How I learned all about finance

Calculator, laptop, pen and paper and coffee on a trendy wooden desk.

When I first came to Brixx I didn’t know the first thing about finance.

But I did know something about small businesses and how they operated.

Within a week I was starting to understand that the Dark Art of accountancy wasn’t so dark, it’s just rarely explained in terms non-accountants understand. The reason why a balance sheet should balance, or the difference between retained earnings and opening cash is lost to most non-accountants. Business people and entrepreneurs see the world divided in different ways to the rules of accountancy.

I mentioned I didn’t know anything about finance. Something I do know about is philosophy. One of the coolest parts of philosophy is ontology, the study of existence and how we talk about what exists*. For most entrepreneurs I’ve met, their ontology does not include many of the concepts accountancy takes for granted…

“A T-account, what’s that?”

“What do you mean, it’s ‘unbalanced’? What does that even mean?”

“Depreciation, umm…?”

These aren’t the sort of terms that you come across in the day-to-day running of a business. Here are a few more things that seem otherworldy when viewed through the lens of accountancy:

“What do you mean, I have share capital? I’m the owner… I thought that was it.”

“Well, I bought this computer, but the business uses it… does it belong to the business…?”

What we’re trying to do with Brixx is break down the barriers between how you see your business and how the business looks financially. With this in mind, it’s important to understand the outputs of your plan. Most non-accountants have a feeling they know what a cash flow report would look like, but the others are a bit vague…

There are three reports commonly used to present information about a business. Each shows the business in a slightly different light, and each is useful for asking different questions about the business:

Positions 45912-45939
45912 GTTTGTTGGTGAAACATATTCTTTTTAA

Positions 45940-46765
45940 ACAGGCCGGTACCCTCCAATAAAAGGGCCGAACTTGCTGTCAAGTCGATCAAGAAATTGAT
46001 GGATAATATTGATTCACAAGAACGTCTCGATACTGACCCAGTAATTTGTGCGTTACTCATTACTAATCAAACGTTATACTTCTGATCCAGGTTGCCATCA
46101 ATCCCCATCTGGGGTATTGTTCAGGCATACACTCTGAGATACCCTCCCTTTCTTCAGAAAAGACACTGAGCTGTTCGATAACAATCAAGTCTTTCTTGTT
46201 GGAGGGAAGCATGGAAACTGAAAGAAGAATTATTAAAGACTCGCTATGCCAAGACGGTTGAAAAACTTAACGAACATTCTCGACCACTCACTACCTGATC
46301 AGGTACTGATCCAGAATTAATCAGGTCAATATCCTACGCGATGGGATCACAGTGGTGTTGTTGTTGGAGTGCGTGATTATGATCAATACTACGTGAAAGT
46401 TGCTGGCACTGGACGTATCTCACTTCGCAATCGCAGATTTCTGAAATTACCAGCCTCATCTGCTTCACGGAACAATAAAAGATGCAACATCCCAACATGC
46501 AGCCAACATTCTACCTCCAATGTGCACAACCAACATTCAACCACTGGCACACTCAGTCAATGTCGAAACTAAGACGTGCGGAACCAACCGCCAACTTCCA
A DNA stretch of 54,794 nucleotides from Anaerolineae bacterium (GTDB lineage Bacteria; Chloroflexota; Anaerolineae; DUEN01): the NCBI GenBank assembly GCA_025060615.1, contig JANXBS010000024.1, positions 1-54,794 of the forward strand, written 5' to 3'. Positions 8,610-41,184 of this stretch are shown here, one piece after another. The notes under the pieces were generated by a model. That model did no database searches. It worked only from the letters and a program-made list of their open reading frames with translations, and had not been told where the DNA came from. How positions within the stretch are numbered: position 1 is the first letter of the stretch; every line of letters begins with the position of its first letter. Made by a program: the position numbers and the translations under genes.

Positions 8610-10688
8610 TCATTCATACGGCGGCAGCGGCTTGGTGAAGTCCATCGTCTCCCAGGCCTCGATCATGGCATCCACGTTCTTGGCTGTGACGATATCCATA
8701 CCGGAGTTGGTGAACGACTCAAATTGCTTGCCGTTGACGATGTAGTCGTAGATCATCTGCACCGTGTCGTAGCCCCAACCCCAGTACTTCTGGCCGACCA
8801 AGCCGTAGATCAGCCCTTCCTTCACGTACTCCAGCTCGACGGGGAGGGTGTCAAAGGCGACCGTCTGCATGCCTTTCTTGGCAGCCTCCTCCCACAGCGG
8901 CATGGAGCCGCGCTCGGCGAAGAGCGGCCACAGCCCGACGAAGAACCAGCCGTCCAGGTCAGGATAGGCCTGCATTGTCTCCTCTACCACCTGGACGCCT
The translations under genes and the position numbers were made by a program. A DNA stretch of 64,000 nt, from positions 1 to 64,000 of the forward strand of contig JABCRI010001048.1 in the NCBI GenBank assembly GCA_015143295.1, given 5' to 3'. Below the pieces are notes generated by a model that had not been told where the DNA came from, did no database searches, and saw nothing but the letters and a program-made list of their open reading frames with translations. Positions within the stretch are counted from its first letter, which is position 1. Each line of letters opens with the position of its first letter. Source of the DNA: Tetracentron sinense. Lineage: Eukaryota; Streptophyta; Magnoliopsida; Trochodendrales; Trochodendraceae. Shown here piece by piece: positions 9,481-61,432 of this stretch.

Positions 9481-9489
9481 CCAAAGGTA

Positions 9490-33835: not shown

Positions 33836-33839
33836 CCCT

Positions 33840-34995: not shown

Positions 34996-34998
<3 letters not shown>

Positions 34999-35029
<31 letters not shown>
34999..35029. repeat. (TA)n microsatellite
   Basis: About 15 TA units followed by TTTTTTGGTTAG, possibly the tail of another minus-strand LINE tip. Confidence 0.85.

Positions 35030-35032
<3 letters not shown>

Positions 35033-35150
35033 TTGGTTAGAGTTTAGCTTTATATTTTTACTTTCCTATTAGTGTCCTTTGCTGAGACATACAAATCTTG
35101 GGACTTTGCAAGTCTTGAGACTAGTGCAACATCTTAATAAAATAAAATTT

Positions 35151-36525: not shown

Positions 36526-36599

Cash Flow

A real picture of the cash the business receives and the cash it pays out. The Cash Flow shows what’s in the business’ bank account at any given time, and is a good measure of whether a business will succeed or fail (if you go cash negative, how will you pick up the bills and pay your staff?). It breaks down how real cash flows into and out of the business.

The Cash Flow includes a great line, “Income Less Payments” – this shows how much cash you make every month after paying all of your bills, employees, tax, loan repayments etc. Great for identifying high-cost, or highly lucrative months.


Profit & Loss

Sometimes called the I&E or Income Statement, this shows the profit generated in a particular period. It doesn’t take into account when cash is paid but when it is owed. It’s an accountant’s eye view of the business, what it should be like rather than whether the cash in actually in your pocket.

This makes it a useful tool for identifying and reducing costs and monitoring increasing revenue. It’s also going to be something investors will look closely at, as it is a measure of how their investment is likely to pay off.


Balance Sheet

The Balance Sheet is a picture of what the business is worth. It includes the assets owned by the business, the liabilities owed by the business and the amount of capital invested into the business by the owners/shareholders.

I mentioned T-accounts and what ‘balanced’ means in this context earlier. This gets quite complicated, but remember that its just another picture of your business. A ‘balanced’ balance sheet is one that takes everything into account, an unbalanced balance sheet has something missing.

To check that the balance sheet is balanced, accountants check that Assets (stuff the business has) minus Liabilities (stuff the business owes) equal Equity (money in the business). If this checks out, then the balance sheet is balanced. It’s a method of checking that everything has been included in the financial plan.

We hope that as you build a picture of your business with Brixx, you’ll see the relationship between your day-to-day business activities and the figures that make up your financial reports. Because at the end of the day, all of these accounting terms are just ways of presenting YOUR numbers. Presenting them in the right way is the hard bit, and Brixx does this for you.

Hope you’re having a great summer. Keep planning ☺!

* Submit a support ticket with “ontology” in the title if you have a bone to pick with this ☺

I learned everything I know about finance from working at Brixx, making financial forecasting software. Software that you can try today, for free, btw 😉

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